Posted by Monica Nakamine on Friday, October 17, 2014 - 12:03
You graduated from college with an engineering degree and, after a few years, you’re happily knee-deep in your technology career and you become the engineering go-to guy or gal. But, when you start to work cross-functionally and discussions about business initiatives arise, you’re unable to speak intelligently about them, even if they do apply to engineering projects. You’re not familiar with what others are talking about and, therefore, aren’t able to contribute your own ideas. What’s a tech-head to do?
Business and IT used to live in separate worlds, but as technology became key to just about every business function, that’s changed. In fact, IT pros with MBAs are becoming more common. Typically, MBA degrees are required by companies whose C-Suite includes a Chief Technology Officer. And, according to the TechFact below, one-third of Robert Half Technology candidates (past and present) want to reach the CTO level in their career. But, not every tech pro needs an MBA – it’s an expensive investment that still probably makes the most sense for those who aspire to move up to executive roles or run their own firms – but every IT pro should have some basic business knowledge to thrive in their career. Combining engineering chops with a thorough understanding of the marketplace and customer needs, for example, could give you a huge leg up on the competition when it comes to your career. Here are some advantages of possessing both tech and business savvy:
If you’re an engineer who can talk business, you can communicate with both sides. Yes, you all speak English – or at least the same language – but when it comes to industry jargon, you may as well be speaking Greek if you’re not a part of the same tribe. But when jargon is all there is, it would be helpful to have someone on board to translate what it means and what the implications are so that everyone is working from the same playbook. Example: If biz dev wants a product up and running in two weeks, the business-savvy tech pro needs to explain the technical demands and/or limitations could take several months.
Communication is certainly a key component to any group. But collaboration across different teams allows individuals to get more involved in other aspects of the project at hand. You’re not only communicating with each other -- you’re working together. Collaboration between tech and business, however, requires someone who can speak to both so that the project or initiative is approached holistically. Example: Before the release of a new smartphone app, the product manager and the marketing pro work together on a PR push for the launch. But if the app is released with glitches, negative reviews and customer complaints on social media could affect sales. The product manager needs to understand these business implications and what needs to be done on a technical level to turn things around or avoid these issues all together.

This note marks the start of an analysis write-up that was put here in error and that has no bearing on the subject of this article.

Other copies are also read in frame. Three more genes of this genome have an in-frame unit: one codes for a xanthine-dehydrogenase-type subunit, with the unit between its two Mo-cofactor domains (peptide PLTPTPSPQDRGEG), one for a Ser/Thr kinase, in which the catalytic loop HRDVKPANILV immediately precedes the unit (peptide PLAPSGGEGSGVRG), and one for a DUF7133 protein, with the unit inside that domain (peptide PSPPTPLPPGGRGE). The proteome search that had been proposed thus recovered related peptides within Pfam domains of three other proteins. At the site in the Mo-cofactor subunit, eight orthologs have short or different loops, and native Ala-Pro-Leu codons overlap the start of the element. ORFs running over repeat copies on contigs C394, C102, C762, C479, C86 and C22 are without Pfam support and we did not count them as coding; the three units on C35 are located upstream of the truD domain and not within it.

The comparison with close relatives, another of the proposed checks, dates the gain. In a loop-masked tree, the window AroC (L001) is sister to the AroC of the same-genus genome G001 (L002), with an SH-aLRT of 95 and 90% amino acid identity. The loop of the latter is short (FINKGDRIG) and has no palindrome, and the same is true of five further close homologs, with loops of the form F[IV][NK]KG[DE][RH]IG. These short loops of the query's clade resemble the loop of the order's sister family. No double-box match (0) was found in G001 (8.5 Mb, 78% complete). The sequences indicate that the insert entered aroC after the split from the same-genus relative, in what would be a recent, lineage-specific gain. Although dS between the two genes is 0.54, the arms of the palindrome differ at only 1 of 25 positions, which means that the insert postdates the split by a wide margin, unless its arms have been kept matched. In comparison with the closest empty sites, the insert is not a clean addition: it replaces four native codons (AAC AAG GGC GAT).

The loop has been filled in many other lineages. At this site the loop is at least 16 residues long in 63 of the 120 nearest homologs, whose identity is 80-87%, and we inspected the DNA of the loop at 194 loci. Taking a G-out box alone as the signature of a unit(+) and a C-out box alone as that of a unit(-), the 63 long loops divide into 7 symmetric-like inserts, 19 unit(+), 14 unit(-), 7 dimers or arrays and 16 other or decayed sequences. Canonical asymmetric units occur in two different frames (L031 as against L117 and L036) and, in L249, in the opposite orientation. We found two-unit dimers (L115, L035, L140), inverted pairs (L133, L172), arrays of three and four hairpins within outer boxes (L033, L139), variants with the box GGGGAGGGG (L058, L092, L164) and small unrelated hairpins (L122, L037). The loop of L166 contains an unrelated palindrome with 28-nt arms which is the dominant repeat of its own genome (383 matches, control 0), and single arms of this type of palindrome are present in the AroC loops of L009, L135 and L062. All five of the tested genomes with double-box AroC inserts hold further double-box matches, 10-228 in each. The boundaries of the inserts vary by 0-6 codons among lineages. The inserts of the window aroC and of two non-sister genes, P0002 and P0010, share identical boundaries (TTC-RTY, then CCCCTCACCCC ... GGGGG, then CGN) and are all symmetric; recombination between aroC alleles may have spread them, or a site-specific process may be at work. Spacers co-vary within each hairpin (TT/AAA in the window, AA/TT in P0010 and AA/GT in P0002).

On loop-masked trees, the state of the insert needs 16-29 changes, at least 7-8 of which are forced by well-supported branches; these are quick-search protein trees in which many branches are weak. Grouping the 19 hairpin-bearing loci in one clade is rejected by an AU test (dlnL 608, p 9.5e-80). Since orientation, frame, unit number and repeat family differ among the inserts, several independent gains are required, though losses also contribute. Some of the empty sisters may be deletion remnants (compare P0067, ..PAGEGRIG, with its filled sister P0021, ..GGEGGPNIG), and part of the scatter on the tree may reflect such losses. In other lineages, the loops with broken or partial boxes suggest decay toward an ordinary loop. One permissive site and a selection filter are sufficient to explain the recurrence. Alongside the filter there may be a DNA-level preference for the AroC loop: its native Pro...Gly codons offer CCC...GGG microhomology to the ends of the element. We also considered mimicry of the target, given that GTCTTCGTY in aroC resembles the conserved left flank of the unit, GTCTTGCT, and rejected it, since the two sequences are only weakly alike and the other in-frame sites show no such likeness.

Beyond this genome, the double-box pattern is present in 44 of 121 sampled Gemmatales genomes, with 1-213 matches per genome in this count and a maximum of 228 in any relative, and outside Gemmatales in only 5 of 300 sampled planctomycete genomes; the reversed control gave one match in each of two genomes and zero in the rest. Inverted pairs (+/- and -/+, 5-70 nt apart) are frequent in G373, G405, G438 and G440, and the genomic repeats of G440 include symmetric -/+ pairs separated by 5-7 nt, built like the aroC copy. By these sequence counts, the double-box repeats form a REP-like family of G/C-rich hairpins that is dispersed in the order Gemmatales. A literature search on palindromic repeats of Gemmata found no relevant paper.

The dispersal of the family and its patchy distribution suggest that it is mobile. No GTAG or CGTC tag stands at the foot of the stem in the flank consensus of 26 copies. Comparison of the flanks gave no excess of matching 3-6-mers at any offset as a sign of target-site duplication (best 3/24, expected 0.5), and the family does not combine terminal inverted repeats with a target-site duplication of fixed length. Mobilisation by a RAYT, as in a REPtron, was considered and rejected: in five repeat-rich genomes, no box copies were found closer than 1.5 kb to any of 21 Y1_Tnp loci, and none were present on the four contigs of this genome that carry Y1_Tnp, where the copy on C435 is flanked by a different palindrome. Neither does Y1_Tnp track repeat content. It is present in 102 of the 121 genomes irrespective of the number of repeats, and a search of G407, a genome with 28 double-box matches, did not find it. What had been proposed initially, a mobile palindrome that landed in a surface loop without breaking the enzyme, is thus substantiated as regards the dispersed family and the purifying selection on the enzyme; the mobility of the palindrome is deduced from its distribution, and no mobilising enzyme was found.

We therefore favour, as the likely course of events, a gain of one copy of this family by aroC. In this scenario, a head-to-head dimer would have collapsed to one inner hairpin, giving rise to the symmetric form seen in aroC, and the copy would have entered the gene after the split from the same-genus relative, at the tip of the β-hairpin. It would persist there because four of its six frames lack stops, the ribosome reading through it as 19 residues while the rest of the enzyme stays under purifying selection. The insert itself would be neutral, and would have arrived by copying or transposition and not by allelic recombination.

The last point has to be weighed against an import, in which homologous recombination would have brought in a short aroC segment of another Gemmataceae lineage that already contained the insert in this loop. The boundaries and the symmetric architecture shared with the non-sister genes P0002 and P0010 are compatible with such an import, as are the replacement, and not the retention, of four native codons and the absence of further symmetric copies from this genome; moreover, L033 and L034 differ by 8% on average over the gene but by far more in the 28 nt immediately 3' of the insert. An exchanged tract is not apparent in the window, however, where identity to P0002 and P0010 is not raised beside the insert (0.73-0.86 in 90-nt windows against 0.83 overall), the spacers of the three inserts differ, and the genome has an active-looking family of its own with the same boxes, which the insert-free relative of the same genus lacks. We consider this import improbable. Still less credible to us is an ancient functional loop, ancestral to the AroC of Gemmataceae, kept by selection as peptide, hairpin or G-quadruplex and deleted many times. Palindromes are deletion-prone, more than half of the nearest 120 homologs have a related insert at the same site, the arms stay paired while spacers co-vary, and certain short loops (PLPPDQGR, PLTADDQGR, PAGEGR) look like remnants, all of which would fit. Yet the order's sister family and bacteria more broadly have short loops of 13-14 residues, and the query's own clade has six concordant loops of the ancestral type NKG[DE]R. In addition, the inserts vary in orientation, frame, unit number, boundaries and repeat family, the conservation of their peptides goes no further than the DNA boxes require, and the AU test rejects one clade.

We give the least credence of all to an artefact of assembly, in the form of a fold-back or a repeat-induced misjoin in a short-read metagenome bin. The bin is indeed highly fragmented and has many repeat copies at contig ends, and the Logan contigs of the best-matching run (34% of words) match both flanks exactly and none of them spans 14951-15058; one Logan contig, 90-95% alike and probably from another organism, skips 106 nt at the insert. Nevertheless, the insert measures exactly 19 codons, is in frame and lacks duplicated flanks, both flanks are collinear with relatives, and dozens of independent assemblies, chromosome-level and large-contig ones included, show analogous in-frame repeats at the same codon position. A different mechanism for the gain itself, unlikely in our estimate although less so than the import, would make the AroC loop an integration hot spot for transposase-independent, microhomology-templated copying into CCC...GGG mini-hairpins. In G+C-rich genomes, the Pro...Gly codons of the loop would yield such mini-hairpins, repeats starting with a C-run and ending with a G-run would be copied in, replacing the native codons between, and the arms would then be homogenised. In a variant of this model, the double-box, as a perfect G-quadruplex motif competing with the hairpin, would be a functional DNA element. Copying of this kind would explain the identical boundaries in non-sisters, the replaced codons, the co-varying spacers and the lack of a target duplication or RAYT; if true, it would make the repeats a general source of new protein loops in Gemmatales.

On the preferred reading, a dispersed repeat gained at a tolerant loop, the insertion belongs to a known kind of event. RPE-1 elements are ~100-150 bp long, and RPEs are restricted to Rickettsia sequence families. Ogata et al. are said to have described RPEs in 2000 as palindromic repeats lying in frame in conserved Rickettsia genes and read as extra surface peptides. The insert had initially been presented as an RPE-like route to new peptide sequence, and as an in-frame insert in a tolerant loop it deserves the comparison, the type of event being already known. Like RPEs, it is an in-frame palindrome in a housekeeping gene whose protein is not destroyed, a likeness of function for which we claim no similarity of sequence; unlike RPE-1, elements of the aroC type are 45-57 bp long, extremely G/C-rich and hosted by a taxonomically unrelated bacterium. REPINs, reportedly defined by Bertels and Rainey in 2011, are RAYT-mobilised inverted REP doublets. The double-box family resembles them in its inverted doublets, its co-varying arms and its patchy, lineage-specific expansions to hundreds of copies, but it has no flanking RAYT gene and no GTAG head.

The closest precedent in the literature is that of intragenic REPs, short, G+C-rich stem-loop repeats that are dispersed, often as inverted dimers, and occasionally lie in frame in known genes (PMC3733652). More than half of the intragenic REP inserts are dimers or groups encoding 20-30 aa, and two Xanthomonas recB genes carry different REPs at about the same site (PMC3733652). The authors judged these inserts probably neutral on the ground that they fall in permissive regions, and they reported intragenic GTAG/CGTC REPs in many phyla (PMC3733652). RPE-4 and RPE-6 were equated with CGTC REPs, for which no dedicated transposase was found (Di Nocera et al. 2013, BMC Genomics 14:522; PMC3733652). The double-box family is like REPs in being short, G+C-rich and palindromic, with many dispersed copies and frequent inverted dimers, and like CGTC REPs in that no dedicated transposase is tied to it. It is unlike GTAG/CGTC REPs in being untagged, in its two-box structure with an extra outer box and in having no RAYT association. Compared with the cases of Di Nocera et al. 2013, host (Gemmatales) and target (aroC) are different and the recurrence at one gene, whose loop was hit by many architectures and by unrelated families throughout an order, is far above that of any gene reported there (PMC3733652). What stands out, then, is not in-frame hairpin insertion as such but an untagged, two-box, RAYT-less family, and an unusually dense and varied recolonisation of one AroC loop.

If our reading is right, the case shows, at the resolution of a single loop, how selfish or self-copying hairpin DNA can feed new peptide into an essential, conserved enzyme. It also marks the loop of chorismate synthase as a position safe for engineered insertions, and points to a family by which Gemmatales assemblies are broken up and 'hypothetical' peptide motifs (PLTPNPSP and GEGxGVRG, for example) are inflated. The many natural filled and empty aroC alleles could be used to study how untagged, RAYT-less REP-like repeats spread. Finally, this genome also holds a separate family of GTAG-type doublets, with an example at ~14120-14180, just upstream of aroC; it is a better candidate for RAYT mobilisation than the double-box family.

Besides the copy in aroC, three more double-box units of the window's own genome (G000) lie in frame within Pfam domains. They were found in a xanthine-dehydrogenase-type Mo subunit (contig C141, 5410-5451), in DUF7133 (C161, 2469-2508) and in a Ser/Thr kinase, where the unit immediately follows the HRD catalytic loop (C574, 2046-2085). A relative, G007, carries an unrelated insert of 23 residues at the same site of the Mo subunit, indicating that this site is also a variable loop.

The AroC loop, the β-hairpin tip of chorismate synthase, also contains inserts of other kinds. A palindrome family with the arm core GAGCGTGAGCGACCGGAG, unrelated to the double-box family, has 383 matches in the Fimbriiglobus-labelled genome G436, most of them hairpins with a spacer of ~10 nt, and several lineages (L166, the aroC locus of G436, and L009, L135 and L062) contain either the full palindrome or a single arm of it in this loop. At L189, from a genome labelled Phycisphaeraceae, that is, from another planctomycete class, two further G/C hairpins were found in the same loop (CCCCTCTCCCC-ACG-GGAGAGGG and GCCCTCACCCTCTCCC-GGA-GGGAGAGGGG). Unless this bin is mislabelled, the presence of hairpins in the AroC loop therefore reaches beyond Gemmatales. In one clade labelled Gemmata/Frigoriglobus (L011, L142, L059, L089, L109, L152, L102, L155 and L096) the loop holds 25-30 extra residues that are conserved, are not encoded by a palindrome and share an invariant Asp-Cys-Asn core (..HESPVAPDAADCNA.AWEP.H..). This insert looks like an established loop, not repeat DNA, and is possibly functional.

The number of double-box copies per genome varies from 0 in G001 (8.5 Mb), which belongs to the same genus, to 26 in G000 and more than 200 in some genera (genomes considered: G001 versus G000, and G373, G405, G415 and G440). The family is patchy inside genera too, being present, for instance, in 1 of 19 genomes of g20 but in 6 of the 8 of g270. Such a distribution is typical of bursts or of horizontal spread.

Some of the most brilliant engineers who also have a big brain for business have become agents of change, transforming or even starting entire industries. Think Steve Wozniak, Sergey Brin and Larry Page, Marissa Mayer, Mark Zuckerberg. Because they were able to combine their engineering know-how with management prowess, they are running companies that are an amalgamation of both “extremes.” Not only did that make a difference to their respective companies, but they changed the world. Those are some big footsteps to follow, but you don’t have to build entire empires to instigate transformation within your own company. Example: A manufacturing company is failing, but with no real understanding of why it’s going under. The business-savvy tech pro (in this case, maybe one with an MBA degree) figures out that the OEM they’ve been using is antiquated and slowing down time-to-market. He then does a cost analysis that would spell out what is required – in capital, resources and equipment – to get back up to speed.
Keeping your technical skills are undoubtedly important to remain competitive, both within your current role as well as a free agent. But to boost your technology career, you may also want to become familiar with the arms of business that most influence your job or company – marketing, accounting, design, operations, etc. When the time comes, you’ll be better equipped to voice your opinion, contribute to the conversation and maybe even impress a few VPs along the way. There’s a plethora of options out there to acquire various levels of business acumen, depending on your need and interest. Before you commit to any certificate- or degree-granting business program, you might want to take a few business courses – online, at a community college or at a university extension – to determine if business knowledge is applicable within your position or relevant to your career. Have your interactions with business development, marketing, accounting or other business sectors made you a better engineer? How has your relationship with them boosted your technology career?